If the worms are going to be a problem in corn, they don’t usually turn up until late in the growing season. Growers spray the crops early in the corn’s development to kill off the moths before they can turn into worms.
This year, the usual insecticide didn’t work well, and the reason why is at the heart of CSU’s and the Harolds’ investigation into what happened to allow the worms to take hold like they have.
David Harold said he is second-guessing Tuxedo’s pest management program. The fields were sprayed as usual, but the corn was planted later than normal because of the weather. Late-planted corn means that the silk on the ears of corn forms at a time when more moths are out and about searching for silk to lay their eggs in.
Schreiner said she does not believe poor crop management on the part of the Harolds or other growers caused the worm infestation. She and her colleagues are conducting a study to determine if the corn earworms have developed resistance to the pesticides that normally kill them.
“It’s possible moths coming in have already been sprayed elsewhere. We are wondering if they come in resistant or if the resistance develops over time in the corn,” she said.
Schreiner had already been planning a study of corn earworms before the current emergency arose. She said they are using a Specialty Crop Block Grant from the Colorado Department of Agriculture to do field trials on the worms that may yield some answers as soon as next week.
Shortage of visas for workers is compounding the problem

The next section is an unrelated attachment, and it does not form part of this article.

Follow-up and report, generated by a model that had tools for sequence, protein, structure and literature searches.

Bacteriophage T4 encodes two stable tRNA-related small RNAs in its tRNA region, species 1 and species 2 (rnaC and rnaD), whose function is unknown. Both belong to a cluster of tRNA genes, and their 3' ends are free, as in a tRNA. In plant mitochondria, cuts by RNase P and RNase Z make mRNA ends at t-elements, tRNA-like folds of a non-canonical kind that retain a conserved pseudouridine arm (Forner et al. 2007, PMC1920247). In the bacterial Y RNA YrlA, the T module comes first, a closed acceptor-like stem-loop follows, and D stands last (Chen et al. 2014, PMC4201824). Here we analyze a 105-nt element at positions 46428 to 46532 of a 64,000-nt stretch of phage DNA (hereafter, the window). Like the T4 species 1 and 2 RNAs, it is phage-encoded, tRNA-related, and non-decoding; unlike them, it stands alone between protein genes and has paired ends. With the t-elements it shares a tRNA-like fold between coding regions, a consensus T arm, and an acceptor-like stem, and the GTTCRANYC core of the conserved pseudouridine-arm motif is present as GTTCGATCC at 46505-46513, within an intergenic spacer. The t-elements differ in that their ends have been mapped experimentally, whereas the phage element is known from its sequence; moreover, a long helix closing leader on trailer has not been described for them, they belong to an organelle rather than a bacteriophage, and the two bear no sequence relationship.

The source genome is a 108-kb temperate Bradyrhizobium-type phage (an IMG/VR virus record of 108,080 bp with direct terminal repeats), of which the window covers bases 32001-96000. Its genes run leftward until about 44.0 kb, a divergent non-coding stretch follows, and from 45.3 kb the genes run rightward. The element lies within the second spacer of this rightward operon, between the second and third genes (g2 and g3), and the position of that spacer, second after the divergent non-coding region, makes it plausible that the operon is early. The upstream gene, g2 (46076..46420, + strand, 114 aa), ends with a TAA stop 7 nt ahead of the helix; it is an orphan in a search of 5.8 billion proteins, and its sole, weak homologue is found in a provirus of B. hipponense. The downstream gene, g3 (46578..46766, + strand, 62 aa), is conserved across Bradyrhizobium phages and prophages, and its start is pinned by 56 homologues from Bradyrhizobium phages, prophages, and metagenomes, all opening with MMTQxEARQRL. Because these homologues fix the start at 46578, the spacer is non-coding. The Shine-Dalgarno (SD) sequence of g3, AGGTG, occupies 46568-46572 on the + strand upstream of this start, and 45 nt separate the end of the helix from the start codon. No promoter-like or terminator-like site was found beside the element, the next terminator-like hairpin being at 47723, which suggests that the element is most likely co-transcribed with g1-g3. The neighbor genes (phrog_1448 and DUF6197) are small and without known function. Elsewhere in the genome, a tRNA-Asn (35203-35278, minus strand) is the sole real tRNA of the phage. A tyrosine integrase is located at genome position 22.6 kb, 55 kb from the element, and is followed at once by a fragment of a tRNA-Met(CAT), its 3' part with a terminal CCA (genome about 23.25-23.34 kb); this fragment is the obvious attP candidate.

The Harolds say more of the corn crop could possibly be saved and salvaged for other uses if it weren’t for political and legislative problems.
David Harold blames the strict rules imposed by Senate Bill 87, the 2021 law that gives farm workers a raft of protections, including that they be paid overtimes, and the demands of H2-A visas that allow foreign workers to be in the country on temporary visas. He said all the restrictions do not give growers the wiggle room to deal with unforeseen crises like the corn earworm infestation.
He said if Tuxedo workers could spend longer hours in the fields — something they are willing to do — they would be able to more thoroughly inspect and pick more corn. More visa workers are expected to arrive this weekend, giving the growers some relief.
David Harold said they are carefully examining the corn because “we take pride in delivering an ear of corn with no defects.”
John Harold said there may also be some relief in later corn crops being less infested. The Harolds plant corn in stages to maintain a supply into late summer.
A sad note in the infestation is that the corn with the worm defects is perfectly edible. The little brown-headed worms are most often found feeding on the tips of otherwise healthy ears of corn. Cut off the top and the remainder of the ear is as good to eat as any coveted ear of Olathe Sweet.
But, at this time, the Harolds don’t have the workers or the infrastructure it would require to process defective corn, and buyers aren’t willing to do it because there is enough healthy corn from other areas this year that they don’t need to be dealing with wormy ears.
Consumers are also a factor. Most don’t like to shuck an ear of corn and be greeted by a worm. That pickiness, Schreiner said, makes it easier for something like a tiny worm to become an outsize problem.Sweet corn fans will still have the chance to revel in their favorite summer produce next weekend in downtown Olathe. The Olathe Sweet Corn Festival will go on as planned — with plenty of corn served Aug. 5.
CORRECTION: This story was updated at 11 a.m. July 27, 2023, to correct the volume of corn Tuxedo Corn Co. is shipping daily to markets. The farm is sending about 3,000 boxes a day compared with about three times that amount daily in a typical season.